That came with the new opportunity. So many things came with the signing to Young Money/Cash Money. All of them are just perks of the job.
Which of those sessions gave you the best experience?
I guess I’d have to go with the first one. When I recorded the “Original” track [with Birdman and Lil Wayne], it was just being there, and emotions and anticipation was high, and the song came out good. That was just a good session, and everyone after that … I went over there with [DJ] Khaled, he let me hear some tracks, and man, I know they’re still repainting his studio — we were in there wilding out. There’s just a lot of energy with this project, and everywhere I go and everything I’ve been doing, there’s just been a lot of passion, a lot of energy and a lot of love. It’s fun.
How did you end up just calling the entire project Original?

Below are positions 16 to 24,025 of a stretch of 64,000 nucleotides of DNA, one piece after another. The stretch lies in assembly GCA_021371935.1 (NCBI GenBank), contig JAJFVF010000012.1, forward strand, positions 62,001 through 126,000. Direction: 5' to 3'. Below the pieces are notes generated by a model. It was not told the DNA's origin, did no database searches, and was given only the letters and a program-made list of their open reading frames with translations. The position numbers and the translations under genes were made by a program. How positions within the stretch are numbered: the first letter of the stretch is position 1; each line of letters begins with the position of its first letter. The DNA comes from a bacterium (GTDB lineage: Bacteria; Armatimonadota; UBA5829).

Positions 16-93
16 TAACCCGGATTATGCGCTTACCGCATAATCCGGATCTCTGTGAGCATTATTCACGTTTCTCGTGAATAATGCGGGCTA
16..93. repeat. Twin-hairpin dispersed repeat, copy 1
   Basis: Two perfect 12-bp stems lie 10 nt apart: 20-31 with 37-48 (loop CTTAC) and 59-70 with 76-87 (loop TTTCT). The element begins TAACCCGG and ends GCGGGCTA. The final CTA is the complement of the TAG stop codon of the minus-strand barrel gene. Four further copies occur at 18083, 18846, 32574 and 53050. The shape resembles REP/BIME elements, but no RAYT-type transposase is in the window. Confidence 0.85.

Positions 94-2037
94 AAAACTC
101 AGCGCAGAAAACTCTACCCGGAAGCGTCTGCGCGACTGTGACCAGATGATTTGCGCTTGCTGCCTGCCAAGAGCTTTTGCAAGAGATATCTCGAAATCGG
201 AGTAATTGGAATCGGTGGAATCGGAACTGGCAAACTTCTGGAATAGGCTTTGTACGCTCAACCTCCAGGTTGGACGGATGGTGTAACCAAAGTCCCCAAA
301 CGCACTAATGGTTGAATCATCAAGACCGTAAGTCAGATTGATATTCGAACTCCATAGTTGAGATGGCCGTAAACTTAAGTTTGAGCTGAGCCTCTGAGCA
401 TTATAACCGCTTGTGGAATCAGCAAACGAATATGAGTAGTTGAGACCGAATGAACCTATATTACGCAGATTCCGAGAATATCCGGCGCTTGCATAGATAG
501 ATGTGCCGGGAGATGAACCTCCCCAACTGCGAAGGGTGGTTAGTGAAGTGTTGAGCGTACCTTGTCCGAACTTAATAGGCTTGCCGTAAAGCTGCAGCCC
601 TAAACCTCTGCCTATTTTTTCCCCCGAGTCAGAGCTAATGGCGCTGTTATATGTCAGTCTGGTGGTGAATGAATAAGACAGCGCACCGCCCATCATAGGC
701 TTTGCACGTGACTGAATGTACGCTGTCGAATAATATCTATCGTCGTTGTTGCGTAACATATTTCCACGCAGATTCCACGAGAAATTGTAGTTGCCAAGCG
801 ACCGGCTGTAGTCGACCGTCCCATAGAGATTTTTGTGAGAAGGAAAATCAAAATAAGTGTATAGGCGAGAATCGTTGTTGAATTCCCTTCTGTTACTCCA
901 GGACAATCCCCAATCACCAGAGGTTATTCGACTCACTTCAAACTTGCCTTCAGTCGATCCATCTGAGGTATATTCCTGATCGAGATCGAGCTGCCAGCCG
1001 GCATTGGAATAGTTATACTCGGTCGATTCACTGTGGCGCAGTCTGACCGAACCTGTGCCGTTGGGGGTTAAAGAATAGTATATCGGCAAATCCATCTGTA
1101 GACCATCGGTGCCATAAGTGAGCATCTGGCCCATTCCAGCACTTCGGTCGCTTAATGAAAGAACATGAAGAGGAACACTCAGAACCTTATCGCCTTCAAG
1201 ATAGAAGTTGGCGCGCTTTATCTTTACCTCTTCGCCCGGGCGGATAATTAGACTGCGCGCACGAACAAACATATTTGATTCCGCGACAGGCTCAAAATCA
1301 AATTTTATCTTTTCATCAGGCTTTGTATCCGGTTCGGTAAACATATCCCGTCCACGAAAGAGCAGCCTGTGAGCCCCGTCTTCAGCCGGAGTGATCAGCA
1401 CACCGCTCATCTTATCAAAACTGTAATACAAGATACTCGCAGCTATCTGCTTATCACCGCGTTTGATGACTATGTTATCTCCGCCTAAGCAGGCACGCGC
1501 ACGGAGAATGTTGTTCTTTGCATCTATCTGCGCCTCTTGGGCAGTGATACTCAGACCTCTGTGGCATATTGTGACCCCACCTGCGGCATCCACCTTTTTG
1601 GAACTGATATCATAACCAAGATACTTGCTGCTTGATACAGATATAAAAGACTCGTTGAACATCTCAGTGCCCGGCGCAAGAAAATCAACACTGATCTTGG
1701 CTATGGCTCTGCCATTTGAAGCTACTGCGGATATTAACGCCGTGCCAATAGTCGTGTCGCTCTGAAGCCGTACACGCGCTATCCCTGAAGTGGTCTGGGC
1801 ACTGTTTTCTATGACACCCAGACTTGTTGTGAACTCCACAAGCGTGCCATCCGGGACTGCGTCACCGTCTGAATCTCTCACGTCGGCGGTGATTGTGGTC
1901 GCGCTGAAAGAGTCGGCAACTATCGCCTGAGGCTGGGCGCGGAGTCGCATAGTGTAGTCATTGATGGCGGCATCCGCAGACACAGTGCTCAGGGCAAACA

That was Baby. Baby came up with that, and when he was saying it, it was like, “That’s what we are.” We were the founders — where we’re from — of piercing our way into the rap game, and still today, we’re doing it at a higher level. So that’s what makes us original.
Watch Mystikal’s “Original” Video Feat. Birdman & Lil Wayne
What’s it like being in the studio with Young Money?
Aww, it’s work. Work. And everybody’s so busy, so it’s just a contagious atmosphere of just working and getting it, you know?
When you went away, Cash Money was still trying to make major headway into mainstream music. At the time, the label was nowhere near as large or powerful as they are now. How are you adjusting to jumping right back into your career on an imprint that’s so influential?
All I gotta do is my job, do what it is that I bring to the table — that fire — and put the thump on these songs, and everything’s gonna work from there. Trust me. The adjustment has been easy. It’s been fun. It’s been exciting. Everyday, I’ve been excited. Every. Day.